Newborn Poop Is Green (And That’s 100 Percent Normal)
If you never babysat as a teen or looked after younger siblings, caring for a newborn comes with a few surprises: like the fact newborn poop is green.
So it's wild how a nurse hands you a screaming newborn and sends you out the door. No troubleshooting guide or anything.
If you're not sure what type of baby poop is normal and what's not, you're not alone. Let's demystify the ins and outs of newborn digestion. (Crappy pun intended.)
Why Newborn Poop Is Different Than Yours
Let's start with the obvious. Newborn poop looks nothing like that of an older child or an adult. The reason why is simple: They don't eat actual food. If you lived off of nothing but liquids, your poop would look funky too.
Baby poop evolves in tandem with their dietary needs. After a newborn settles into a regular feeding routine, their poop should be fairly consistent until they begin eating solids. That's when their poop will gradually start to look more like yours.
The evolution is complete when they stop drinking breastmilk or formula altogether.
What to Expect From Their First Few Diaper Changes
When you go to change your baby's diaper for the first time and see dark, tarry goo, don't panic. In the first 24-48 hours after birth, newborns produce a type of stool called meconium.
Meconium is made up of any materials ingested in utero, like amniotic fluid, skin cells and mucus. Icky, but normal. It's usually dark olive green or even black. It's also sticky and hard to get off. Fortunately, meconium only lasts for a day or two.
Breastfed vs. Formula-Fed Poop
After the first few diaper changes, a newborn's poop starts to include digested milk or formula. The poop of breastfed babies and formula-fed babies looks different, with those receiving a combination of the two falling somewhere in the middle.
Breastfed baby poop:
- Is usually mustard yellow, light green or light brown
- Has a paste-like, seedy texture
- Somewhat looks like diarrhea (but it's not)
- Smells sweet
Formula-fed baby poop:
- Is similar in color to breastfed poop, but usually darker and thicker in texture
- Is passed less frequently than breastfed baby poop, but in greater amounts
- Is usually smellier
All of these variations are normal, and texture or scent isn't correlated with health. Different shades of yellow, brown or green newborn poop are all within the normal spectrum.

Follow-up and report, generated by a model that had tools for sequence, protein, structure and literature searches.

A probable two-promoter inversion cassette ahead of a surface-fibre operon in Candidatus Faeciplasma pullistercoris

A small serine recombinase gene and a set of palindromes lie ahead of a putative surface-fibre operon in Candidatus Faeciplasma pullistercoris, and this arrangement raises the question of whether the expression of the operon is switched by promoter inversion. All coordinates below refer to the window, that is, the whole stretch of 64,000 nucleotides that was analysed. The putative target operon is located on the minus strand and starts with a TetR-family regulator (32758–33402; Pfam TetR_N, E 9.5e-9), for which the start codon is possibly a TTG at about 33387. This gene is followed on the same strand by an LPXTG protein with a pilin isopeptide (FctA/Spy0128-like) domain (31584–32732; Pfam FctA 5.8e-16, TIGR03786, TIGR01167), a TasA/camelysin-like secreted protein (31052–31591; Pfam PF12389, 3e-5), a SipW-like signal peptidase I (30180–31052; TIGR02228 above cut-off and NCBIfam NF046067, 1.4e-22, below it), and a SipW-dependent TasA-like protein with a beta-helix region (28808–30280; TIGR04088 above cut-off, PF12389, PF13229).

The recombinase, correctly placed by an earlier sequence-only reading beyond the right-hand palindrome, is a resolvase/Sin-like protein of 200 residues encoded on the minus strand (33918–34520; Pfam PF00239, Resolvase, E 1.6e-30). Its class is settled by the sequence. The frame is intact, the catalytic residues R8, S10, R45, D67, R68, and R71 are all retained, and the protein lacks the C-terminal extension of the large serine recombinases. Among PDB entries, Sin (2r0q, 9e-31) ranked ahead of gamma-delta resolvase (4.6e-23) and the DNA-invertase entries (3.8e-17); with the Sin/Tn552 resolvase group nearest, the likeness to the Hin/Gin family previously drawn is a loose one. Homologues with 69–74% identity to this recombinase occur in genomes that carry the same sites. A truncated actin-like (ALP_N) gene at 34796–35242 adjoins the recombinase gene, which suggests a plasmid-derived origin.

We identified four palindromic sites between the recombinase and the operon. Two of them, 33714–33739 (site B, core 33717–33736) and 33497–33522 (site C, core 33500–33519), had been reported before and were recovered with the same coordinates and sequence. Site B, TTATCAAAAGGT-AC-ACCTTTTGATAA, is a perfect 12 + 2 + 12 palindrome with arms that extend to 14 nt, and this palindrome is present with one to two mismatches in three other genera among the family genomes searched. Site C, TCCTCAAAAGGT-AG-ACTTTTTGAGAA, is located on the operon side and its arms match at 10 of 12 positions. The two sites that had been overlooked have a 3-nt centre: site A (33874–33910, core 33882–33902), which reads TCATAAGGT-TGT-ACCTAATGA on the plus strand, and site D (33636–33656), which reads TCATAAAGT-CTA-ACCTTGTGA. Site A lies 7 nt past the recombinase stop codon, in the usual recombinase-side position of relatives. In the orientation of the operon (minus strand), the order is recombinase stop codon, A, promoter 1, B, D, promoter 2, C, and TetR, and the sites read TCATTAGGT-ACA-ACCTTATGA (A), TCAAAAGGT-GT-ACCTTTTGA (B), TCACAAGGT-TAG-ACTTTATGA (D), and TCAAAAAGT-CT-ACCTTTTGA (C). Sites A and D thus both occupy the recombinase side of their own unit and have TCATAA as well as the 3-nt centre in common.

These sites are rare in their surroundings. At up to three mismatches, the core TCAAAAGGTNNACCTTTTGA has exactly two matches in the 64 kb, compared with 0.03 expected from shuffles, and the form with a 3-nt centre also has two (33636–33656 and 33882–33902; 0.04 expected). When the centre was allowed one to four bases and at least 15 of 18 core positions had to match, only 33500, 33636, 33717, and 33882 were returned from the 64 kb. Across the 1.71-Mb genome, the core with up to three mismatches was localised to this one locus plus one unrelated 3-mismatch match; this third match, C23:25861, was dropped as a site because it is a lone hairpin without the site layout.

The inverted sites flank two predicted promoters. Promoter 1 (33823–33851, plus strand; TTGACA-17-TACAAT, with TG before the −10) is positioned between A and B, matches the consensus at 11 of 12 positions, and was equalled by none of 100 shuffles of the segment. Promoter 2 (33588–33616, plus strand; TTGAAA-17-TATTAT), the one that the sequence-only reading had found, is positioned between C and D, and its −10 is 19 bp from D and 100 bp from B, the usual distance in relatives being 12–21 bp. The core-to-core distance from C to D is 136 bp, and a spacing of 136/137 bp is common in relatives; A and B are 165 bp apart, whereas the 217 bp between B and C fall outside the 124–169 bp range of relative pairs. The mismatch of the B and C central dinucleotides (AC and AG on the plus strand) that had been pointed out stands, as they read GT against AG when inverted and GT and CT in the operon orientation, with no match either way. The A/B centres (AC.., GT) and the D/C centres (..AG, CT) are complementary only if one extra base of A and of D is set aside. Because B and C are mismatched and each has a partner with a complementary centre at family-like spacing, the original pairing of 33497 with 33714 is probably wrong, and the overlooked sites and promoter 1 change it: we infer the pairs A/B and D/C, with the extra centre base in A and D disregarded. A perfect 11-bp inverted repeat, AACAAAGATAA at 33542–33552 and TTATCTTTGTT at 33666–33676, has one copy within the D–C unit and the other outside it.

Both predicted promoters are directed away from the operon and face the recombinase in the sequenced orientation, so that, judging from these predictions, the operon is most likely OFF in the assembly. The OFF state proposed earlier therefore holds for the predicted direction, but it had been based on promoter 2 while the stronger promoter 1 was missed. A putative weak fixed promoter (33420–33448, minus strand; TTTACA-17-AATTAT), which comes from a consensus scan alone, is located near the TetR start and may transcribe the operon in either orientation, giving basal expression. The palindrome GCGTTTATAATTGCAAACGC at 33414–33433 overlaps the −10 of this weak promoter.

Babies who are receiving iron supplements often have greenish poop. If there are flecks of black in a breastfed baby's poop, that's likely from digesting blood from mom's cracked or irritated skin.
Icky, but nothing to worry about, and nothing that some lanolin cream and a visit with a lactation consultant can't fix.
When to Ask Your Doc
While some variation in baby poop consistency and coloration is normal, there are some red flags to look out for. Black poop is only normal in the first 48 hours after birth. If black, tarry stool recurs beyond that, or if you notice streaks of red blood in their stool, it could be a sign of an infection or allergy.
Other types of stool that warrant a visit to the doctor include:
White baby poop: This may be a sign your baby isn't producing enough bile and isn't digesting food correctly
Diarrhea: Poop that's looser or waterier than normal, or foul-smelling, may be diarrhea. This can lead to dehydration if left untreated.
Pebble-like poop: Constipation can be a sign of a sensitivity to milk or soy, or an allergy to something a breastfeeding mom is eating
Expect to see several different types of poop in the first year of your baby's life, but consult with your doctor immediately if you notice any of the above.
Also, you know your baby better than anyone else (even if it doesn't always feel like it). If you notice a difference in their behavior, visible discomfort or they just seem "off," trust your instincts. Even babies with normal poop can develop bothersome food allergies, or uncomfortable conditions like acid reflux. An extra trip to the pediatrician can rule out any problems and put your mind at ease.
For more details about what's normal to see in your newborn's diaper, watch the video below.